In that speech President Chirac acknowledged the racism that had existed, saying that a wrong had now been righted, with Alexandre Dumas enshrined alongside fellow authors Victor Hugo and Emile Zola. The honor recognized that although France has produced many great writers, none has been as widely read as Alexandre Dumas. His stories have been translated into almost a hundred languages, and have inspired more than 200 motion pictures.
Alexandre Dumas' home outside of Paris, the Château de Monte-Cristo, has been restored and is open to the public.
The Alexandre Dumas (Paris Métro)station was renamed in his honour in 1970.
Thomas Alexandre Dumas (1762–1806)
father of the famous French writer Alexandre Dumas (père).
Thomas-Alexandre Dumas was a mulatto born in the French colony of Saint Domingue. He joined the French Army as a private and rose to the rank of a General during the French Revolution. Dumas is probably best known for fathering the famous French writer Alexandre Dumas (père).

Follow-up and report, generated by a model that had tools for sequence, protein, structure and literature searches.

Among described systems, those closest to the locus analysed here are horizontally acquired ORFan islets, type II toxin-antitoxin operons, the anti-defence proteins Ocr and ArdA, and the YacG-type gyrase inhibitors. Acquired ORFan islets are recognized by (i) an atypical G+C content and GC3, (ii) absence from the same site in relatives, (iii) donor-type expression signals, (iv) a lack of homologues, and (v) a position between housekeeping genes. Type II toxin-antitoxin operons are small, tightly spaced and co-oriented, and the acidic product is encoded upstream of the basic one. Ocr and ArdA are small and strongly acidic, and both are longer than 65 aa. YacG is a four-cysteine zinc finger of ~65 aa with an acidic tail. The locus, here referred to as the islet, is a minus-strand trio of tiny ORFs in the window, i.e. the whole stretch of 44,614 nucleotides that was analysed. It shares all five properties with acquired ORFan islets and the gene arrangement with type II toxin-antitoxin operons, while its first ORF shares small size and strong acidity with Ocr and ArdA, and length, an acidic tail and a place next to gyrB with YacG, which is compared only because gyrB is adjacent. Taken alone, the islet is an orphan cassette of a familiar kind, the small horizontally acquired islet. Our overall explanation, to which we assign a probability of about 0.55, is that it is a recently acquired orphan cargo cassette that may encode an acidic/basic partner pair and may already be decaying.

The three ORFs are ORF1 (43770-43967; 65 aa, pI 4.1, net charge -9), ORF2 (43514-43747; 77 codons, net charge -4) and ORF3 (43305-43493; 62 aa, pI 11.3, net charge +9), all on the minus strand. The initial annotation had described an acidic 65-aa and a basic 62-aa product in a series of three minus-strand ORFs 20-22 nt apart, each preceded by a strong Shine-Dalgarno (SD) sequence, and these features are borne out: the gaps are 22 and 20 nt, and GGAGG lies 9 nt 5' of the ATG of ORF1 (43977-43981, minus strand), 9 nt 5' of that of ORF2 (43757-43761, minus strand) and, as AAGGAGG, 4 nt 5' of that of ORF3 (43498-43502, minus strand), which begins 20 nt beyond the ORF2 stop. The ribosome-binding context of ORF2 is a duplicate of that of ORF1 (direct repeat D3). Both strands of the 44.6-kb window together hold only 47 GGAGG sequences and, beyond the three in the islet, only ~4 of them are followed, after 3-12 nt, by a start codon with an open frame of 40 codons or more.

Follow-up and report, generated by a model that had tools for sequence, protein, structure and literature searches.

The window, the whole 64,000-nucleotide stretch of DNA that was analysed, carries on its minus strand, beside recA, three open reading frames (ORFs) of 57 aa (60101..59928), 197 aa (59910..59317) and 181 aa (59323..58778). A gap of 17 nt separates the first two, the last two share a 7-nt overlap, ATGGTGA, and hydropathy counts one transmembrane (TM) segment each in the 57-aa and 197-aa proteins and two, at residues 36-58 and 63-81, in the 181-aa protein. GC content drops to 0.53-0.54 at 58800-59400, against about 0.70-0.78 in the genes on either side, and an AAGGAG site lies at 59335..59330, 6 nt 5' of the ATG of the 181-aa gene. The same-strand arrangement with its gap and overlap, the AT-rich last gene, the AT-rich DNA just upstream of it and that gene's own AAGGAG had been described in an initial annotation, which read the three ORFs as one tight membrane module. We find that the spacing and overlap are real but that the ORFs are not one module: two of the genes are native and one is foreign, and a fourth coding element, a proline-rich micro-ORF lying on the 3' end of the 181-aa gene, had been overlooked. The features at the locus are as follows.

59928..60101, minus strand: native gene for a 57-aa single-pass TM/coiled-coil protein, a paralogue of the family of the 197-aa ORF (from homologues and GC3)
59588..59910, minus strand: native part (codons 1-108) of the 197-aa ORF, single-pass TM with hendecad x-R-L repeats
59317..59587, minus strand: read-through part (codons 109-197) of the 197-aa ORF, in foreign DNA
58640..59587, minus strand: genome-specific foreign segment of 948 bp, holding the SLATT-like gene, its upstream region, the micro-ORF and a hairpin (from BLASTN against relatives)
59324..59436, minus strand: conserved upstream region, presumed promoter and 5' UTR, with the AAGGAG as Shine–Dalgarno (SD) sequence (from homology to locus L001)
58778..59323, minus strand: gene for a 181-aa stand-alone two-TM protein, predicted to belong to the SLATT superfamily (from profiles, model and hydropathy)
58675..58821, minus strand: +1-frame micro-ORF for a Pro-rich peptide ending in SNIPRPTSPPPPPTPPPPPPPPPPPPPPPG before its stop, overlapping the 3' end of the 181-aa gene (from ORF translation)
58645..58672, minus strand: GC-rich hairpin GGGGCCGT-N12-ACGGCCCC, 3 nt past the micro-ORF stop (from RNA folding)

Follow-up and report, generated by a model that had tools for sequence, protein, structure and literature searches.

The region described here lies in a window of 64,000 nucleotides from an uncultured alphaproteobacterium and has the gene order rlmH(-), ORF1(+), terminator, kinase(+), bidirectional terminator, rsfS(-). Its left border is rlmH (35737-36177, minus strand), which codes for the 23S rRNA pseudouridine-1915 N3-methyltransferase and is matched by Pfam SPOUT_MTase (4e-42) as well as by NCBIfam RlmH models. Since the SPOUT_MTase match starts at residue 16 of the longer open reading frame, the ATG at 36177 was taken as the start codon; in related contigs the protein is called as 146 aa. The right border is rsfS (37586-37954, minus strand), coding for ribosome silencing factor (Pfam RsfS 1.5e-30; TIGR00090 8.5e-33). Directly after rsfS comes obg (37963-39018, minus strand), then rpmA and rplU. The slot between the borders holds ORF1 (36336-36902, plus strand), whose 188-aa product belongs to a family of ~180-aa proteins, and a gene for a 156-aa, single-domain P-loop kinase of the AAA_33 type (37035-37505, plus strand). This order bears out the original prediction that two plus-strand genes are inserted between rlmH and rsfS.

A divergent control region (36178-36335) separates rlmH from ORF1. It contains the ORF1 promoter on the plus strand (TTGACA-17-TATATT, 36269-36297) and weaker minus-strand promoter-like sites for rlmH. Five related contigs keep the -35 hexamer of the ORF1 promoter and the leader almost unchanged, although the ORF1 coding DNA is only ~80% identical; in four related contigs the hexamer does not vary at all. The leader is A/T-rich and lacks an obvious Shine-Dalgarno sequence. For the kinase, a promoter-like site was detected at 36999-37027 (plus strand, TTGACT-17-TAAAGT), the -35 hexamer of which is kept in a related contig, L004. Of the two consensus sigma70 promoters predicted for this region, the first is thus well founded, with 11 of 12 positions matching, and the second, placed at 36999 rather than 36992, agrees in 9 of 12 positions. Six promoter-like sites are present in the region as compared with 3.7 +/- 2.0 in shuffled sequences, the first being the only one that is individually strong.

The son of the lesser French nobleman Alexandre-Antoine Davy, Marquis de la Pailleterie, and a black slave woman, Thomas-Alexandre Dumas was born on the island of Saint Domingue on March 25, 1762. In 1772, the Marquis returned to France, followed by his son in 1776. As Dumas grew into manhood he moved to Paris, enjoying life with the financial support of his father. But soon after the senior Davy married his second wife, he suspended the payments to his son.
Without any income, Thomas-Alexandre Dumas decided to join the French Army in 1786. At the request of his father, he enlisted under his mother's name Marie Dumas, in order to preserve the family's reputation. During the French Revolution Dumas became a devout republican serving in an all-black unit known as “La Légion Américaine.” This dedication helped him being catapulted from the rank of a corporal to that of a general of a division in less than two years.